Hailing from Pennsylvania and Kentucky respectively, Nashville- based duo TOWNE - Steevie Steeves and Jon Decious - crossed paths far away from home at Skip Ewing’s Horse and Writer Seminar in Wyoming where they immediately had a musical connection. After returning to Nashville, where they discovered they lived in close proximity to one another, Steevie and Jon began writing and performing together ultimately forming TOWNE - blending pop and country into music that is emotional, real and relatable. Taking some time from their busy schedule, Steeves and Decious kindly took the time to chat about their latest EP, Games We Play, what’s ahead and more.
It seems like the two of you meeting at the writer’s seminar in Wyoming was fate.
Jon Decious (JD): We were two of eight people from places like Alaska, Canada, and California who had gotten a scholarship to attend that seminar and one day we were riding horses and chatting and realized we lived across the street from one another in Nashville.
Steevie Steeves (SS): We just hit it off, and after we came back, we started writing songs, doing writer’s nights and playing out together so much that people were asking what our band name was and whether they could get a cd. After a few months of that, we looked at each other and said, ‘Maybe we should pursue this’ and it grew from there.
I read that if Fleetwood Mac, Adele, and One Republic were to somehow make a musical baby, the result would be TOWNE. Are those your main musical influences?
SS: We do relate to that type of music and meet somewhere in the middle between One Republic and Fleetwood Mac. When we first met, John had a plethora of different records that I maybe wasn’t into and the same with my collection, but I remember going through them and seeing that we both loved Fleetwood Mac, which was a nice common ground to have. We draw from the male and female parts in their songs and their sound which can be country as well as pop and rock.
How about Country/Americana; are there any artists from those musical realms who you draw from?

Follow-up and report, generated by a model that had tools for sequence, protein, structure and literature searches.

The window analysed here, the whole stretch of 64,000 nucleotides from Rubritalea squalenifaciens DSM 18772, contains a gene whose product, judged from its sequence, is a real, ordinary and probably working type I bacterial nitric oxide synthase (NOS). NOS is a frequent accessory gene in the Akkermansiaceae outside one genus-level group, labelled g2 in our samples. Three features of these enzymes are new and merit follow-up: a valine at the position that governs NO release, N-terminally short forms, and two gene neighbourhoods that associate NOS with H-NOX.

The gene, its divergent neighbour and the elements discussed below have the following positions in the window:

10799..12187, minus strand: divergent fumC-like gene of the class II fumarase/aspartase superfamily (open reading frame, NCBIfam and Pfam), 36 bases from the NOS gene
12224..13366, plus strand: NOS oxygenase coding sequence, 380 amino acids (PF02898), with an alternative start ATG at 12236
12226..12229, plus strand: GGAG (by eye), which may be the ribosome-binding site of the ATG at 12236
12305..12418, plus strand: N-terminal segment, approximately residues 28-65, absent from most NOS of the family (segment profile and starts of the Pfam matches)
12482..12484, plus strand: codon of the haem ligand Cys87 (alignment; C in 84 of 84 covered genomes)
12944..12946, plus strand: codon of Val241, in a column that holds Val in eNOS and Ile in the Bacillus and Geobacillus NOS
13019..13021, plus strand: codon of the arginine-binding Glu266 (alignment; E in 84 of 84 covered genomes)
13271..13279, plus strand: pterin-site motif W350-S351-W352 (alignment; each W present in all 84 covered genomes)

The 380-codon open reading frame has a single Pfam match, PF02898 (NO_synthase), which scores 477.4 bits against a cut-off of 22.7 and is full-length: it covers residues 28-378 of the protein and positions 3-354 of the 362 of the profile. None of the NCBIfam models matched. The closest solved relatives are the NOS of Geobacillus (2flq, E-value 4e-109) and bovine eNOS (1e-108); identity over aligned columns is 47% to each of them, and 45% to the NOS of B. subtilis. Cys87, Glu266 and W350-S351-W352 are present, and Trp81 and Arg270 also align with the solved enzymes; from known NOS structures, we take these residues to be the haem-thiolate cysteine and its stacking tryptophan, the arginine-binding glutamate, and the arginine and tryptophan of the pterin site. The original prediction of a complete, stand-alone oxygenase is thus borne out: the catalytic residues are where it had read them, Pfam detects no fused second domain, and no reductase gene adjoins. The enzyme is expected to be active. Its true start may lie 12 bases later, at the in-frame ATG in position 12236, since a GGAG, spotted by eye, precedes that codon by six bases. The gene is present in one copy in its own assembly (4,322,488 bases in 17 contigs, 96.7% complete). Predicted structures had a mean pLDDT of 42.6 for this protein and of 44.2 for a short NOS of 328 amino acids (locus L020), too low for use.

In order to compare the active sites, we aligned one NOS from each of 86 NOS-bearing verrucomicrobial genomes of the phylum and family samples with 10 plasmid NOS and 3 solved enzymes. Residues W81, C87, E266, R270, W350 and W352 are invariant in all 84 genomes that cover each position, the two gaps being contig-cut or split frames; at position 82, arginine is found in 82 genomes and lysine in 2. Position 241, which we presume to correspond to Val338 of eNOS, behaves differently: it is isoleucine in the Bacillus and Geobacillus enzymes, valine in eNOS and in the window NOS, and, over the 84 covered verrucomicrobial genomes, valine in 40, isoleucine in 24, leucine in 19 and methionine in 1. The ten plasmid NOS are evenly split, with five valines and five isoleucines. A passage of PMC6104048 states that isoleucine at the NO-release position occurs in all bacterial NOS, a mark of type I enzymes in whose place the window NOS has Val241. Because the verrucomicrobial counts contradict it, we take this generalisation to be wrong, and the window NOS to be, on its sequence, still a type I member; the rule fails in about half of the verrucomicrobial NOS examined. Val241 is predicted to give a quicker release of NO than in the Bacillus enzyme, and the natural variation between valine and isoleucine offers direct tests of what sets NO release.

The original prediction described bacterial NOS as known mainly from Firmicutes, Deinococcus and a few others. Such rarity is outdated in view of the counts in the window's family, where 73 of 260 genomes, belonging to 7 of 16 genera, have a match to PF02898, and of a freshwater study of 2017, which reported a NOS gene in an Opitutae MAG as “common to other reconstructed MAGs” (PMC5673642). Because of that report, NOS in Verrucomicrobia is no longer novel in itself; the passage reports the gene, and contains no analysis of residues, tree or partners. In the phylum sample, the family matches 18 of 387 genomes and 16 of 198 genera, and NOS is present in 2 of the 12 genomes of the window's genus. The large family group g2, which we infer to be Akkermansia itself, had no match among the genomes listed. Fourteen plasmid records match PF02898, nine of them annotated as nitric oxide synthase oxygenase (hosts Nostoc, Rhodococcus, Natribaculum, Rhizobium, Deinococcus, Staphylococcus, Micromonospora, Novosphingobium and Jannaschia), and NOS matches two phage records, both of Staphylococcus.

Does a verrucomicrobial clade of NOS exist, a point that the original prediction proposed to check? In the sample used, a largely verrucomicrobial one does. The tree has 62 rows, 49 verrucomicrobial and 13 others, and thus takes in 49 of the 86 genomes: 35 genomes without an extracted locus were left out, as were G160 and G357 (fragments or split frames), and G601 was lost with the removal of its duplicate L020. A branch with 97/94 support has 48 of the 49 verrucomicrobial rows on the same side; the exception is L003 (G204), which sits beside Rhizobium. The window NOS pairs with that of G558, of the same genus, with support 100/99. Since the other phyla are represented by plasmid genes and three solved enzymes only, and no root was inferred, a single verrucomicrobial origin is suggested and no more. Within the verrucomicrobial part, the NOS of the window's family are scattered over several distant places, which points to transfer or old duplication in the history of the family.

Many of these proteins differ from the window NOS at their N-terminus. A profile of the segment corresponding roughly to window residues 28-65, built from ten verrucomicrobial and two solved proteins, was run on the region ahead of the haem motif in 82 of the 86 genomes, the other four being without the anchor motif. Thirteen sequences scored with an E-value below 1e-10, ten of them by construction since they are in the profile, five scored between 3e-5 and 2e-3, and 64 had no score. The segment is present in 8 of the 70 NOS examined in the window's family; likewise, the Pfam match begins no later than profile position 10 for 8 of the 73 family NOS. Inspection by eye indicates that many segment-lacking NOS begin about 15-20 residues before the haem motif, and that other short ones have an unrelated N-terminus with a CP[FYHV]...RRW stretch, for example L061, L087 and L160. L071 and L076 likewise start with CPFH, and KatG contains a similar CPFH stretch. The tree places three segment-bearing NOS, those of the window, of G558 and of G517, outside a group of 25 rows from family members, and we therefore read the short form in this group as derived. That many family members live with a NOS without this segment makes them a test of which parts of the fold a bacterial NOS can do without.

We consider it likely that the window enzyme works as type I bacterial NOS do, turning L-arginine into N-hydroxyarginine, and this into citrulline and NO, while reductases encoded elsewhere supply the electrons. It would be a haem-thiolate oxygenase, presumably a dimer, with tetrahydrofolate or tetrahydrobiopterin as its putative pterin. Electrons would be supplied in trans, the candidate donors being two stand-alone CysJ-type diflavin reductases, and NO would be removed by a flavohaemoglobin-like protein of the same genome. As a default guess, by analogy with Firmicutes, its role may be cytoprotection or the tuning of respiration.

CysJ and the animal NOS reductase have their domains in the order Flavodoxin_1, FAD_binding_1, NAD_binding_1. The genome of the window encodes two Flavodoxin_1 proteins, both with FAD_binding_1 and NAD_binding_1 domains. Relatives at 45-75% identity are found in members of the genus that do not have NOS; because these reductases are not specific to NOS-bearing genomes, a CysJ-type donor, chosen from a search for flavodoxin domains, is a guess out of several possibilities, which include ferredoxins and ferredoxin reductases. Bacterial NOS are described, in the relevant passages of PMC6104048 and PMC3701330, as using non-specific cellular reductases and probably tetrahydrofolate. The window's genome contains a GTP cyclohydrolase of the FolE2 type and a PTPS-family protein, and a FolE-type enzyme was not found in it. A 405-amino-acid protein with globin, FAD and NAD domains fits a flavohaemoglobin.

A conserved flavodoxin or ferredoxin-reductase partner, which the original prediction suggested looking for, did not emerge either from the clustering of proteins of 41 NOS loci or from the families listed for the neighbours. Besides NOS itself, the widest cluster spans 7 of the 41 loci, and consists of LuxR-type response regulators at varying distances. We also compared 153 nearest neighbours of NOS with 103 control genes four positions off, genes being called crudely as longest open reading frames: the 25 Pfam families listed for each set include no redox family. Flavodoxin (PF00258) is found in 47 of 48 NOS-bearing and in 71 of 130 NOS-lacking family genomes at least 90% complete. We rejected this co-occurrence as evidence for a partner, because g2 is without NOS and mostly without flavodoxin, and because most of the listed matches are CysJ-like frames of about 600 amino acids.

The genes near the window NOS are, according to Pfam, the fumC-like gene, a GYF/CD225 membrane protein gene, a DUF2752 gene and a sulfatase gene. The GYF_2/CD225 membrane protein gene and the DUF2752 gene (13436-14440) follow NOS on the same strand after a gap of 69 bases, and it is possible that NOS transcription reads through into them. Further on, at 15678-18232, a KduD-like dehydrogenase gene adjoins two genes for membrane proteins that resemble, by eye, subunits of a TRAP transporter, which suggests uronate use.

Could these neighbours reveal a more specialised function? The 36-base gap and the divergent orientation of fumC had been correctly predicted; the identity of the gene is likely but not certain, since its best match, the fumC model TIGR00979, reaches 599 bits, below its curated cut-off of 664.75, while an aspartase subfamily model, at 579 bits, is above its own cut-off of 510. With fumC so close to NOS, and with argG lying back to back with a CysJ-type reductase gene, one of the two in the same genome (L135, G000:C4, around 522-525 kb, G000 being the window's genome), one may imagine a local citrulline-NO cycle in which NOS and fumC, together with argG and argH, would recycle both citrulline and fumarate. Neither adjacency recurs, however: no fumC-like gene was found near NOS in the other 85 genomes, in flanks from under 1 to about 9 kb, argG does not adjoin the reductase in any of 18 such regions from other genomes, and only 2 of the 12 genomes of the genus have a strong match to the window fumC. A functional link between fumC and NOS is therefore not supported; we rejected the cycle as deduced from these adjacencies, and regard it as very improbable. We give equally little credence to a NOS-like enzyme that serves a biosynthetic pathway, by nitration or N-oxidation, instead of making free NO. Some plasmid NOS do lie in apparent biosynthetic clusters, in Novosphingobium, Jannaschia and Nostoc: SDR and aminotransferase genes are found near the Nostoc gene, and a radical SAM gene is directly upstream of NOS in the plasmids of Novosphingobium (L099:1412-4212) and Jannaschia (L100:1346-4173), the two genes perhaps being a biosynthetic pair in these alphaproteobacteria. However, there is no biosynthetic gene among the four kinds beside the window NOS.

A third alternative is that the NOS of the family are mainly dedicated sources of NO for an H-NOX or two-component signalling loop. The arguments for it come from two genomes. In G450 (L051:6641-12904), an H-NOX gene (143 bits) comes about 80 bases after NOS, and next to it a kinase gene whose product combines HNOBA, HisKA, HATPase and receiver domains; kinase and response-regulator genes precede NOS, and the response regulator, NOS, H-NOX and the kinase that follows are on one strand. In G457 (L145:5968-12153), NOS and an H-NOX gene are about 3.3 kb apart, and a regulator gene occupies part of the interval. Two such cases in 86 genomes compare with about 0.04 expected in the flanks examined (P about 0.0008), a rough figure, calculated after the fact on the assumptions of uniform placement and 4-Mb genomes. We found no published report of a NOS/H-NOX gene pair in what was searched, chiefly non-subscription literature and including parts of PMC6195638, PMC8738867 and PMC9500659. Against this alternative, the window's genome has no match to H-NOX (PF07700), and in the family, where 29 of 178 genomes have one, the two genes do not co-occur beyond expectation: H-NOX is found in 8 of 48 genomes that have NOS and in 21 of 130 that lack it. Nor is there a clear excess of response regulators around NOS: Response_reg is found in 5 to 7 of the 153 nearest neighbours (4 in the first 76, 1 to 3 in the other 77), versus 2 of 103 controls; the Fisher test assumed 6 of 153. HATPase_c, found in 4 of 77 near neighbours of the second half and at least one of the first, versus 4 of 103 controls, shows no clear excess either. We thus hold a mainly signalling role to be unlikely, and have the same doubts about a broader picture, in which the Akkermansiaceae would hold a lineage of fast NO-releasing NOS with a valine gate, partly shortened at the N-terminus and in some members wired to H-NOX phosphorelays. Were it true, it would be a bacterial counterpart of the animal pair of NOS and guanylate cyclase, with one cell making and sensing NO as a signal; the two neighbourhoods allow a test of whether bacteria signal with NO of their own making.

JD: We appreciate the work of Hank Cochran and Jason Isbell, but there are so many good, and great, songwriters in this town and around the world that it’s hard to pin down just one. And as more and more people come to town and bring different influences it’s gotten more competitive, but it's also very inspiring.
SS: I aspire to write country music because the lyrics in the genre are just so well-written and really hit home, but I am definitely more pop than John. So, what we did with our music was blend our two voices where you get John, who is more in the singer-songwriter vein, and myself, who is more of a powerhouse vocalist....and even we say that we would never have thought to have been paired together, but every time we write and sing it feels like the perfect pairing.
It's a combination that works.
Your latest EP, Games We Play, was released in February. Is there any significance to the title?
SS: John and I obviously draw from our personal lives in our music. When we first wrote together in 2010-2011 there was a spark of a romantic relationship between us but somewhere along the lines we both agreed to focus on the music as opposed to going down the relationship rollercoaster.
At one point we thought it might be confusing or weird to try and work together, but we’ve noticed our situation is not different from most and surprisingly enough, the songs are very relatable and people dig them.
The current single “Runnin' Into You” definitely reflects the relationship between the two of you; you even act in the video.
SS: We’re not so much actors, but the song is about us for sure, so we thought why not just bring it to life? We wrote that song based on the fact that we have to run into each other every single day – but it’s not as bad as it seems in the video (laughing). I’m all right with having him around every day.
That takes some maturity as when most people break-up they don’t want anything to do with their ex.